In In The Blood, Suzan-Lori Parks weaves a harrowing tale of the harsh realities for a woman and her children living in poverty in urban America. Though first premiered in 1999, many of the nuances and complications remain timeless. A finalist for the 2000 Pulitzer Prize for Drama, In The Blood set the stage for Parks’ win in 2002 for her play Topdog/Underdog (making her the first African American woman to receive this award).
Parks’ journey to becoming one of the most prolific and celebrated American playwrights began with an early love for writing. From poetry to creating her own newspaper with her brother, Parks was telling stories from a young age. Despite her transitory youth (living in Germany for a time during high school thanks to her father’s military stationing) and discouragements from teachers based on her less-than-perfect spelling, Parks’ love for literature endured.
Going on to attend Mount Holyoke College, earning a degree in English and German literature, Parks studied under professor and prolific novelist James Baldwin. Though Parks was initially opposed to theatre, finding those involved in the field to have attitudes, Baldwin encouraged her to begin writing plays. Unfamiliar with theatre beyond Shakespeare, Parks nevertheless went on to take his advice and reach further outside of her comfort zone. After graduating from Mount Holyoke in 1985, Parks went on to study acting for a year at Drama Studio London, believing that training in acting was the best way to further understand the theatre. What follows is years of penning plays and capturing audiences new and old.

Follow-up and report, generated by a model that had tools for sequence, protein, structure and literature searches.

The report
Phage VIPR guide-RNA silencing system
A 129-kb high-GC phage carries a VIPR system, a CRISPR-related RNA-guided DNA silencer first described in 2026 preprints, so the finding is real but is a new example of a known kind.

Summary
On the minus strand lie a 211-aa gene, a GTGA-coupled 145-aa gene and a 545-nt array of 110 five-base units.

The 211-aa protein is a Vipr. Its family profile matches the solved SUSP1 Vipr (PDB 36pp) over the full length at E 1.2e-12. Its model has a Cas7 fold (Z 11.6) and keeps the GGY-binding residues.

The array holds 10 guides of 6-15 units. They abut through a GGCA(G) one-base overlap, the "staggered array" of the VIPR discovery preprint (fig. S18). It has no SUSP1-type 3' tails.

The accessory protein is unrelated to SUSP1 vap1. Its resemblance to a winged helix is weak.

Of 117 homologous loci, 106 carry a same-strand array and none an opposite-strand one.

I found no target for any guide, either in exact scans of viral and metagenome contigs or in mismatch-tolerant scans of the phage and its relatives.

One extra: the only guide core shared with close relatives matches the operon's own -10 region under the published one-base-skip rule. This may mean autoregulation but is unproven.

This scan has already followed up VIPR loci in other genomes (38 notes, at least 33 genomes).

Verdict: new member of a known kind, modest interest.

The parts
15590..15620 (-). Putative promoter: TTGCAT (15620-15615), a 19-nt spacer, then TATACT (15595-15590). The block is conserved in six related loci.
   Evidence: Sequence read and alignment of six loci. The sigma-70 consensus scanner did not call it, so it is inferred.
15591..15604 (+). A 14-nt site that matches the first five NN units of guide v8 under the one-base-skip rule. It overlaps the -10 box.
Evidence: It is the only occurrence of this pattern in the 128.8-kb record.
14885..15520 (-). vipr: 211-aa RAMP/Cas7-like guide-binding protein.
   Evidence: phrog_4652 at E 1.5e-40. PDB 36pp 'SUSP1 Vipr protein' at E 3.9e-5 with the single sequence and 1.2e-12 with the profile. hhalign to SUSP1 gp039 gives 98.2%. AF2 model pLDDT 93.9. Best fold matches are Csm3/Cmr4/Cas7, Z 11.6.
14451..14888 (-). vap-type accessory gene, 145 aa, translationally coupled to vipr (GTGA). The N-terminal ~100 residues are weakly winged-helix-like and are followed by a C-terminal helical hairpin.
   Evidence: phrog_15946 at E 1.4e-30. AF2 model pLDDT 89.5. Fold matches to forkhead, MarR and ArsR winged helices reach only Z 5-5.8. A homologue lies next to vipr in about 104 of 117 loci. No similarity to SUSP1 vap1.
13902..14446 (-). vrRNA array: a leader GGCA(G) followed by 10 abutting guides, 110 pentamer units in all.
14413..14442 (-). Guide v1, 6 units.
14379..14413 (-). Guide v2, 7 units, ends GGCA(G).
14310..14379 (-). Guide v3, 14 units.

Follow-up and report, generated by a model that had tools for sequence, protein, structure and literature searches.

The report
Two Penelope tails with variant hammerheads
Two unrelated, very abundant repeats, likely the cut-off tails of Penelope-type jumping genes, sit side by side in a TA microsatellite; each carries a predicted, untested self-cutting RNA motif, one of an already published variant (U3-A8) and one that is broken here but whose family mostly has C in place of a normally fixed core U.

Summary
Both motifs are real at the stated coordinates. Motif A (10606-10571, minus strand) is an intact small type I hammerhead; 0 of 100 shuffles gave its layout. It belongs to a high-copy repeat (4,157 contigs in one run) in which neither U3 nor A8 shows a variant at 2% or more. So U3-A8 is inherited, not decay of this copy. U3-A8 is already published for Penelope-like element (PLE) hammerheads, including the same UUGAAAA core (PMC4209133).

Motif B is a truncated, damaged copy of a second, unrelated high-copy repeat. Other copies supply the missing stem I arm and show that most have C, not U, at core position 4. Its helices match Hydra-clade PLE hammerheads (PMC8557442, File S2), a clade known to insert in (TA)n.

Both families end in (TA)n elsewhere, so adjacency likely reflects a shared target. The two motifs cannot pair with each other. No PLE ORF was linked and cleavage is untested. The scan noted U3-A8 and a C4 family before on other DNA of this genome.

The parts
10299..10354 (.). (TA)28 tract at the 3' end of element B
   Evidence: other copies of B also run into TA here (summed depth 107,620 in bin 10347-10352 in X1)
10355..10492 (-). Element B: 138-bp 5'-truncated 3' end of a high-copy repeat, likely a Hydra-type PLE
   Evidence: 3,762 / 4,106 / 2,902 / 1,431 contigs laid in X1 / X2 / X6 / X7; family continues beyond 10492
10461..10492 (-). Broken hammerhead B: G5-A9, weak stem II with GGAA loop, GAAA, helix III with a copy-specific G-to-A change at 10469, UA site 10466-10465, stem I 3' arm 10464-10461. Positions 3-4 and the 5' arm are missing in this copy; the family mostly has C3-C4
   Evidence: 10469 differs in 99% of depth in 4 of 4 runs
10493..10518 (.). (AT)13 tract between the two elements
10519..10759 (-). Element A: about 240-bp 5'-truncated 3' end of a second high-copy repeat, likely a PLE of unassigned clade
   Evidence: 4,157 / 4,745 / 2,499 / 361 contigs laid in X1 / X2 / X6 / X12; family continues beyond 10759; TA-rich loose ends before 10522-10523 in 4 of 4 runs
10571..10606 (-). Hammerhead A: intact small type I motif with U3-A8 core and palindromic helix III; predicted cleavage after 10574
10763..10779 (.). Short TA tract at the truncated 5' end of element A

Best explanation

In The Blood is a play rich in complex identity intersections and a compelling look into homelessness and poverty in America. The first of two “red letter” plays by Parks’ (plays inspired by Nathanial Hawthorne’s The Scarlet Letter), In The Blood precedes “Fucking A,” published just one year later. In fact, Fucking A was the original title for In The Blood. Fucking A ultimately ended up taking four years, from conception to publishing, for Parks to create. During those four years, In The Blood was born. The idea came to her suddenly - on a canoe trip with her friend - as a joke, at first. But the nagging voice of Hester, demanding that her story be told, kept Parks dedicated. “It was as if they were twins in the womb of my consciousness,” Parks said of the two plays.
In The Blood considers many of the same themes that can be found in Hawthorne’s novel, its inspiration. The play’s setting is “here,” its time is “now.” Hester La Negrita, the mother of five children by five fathers, sets out to seek support for her family. Like Hawthorne’s Hester, Parks’ Hester is confronted with society’s perspectives and expectations of her. Society’s upper echelons are able to justify much of their bad behavior just by nature of being at the top of the food pyramid - their wealth allows them a certain moral ambiguity throughout the story. Ultimately, it is a fascinating commentary on the perks of societal privilege - and what can happen to those who are not awarded the same luxuries.
“I don’t think the world likes women much,” Hester laments, as it becomes more and more difficult to make ends meet for her family. This complex story powerfully represents the challenges of existing at an intersection of identity in a world that too often kicks us while we’re down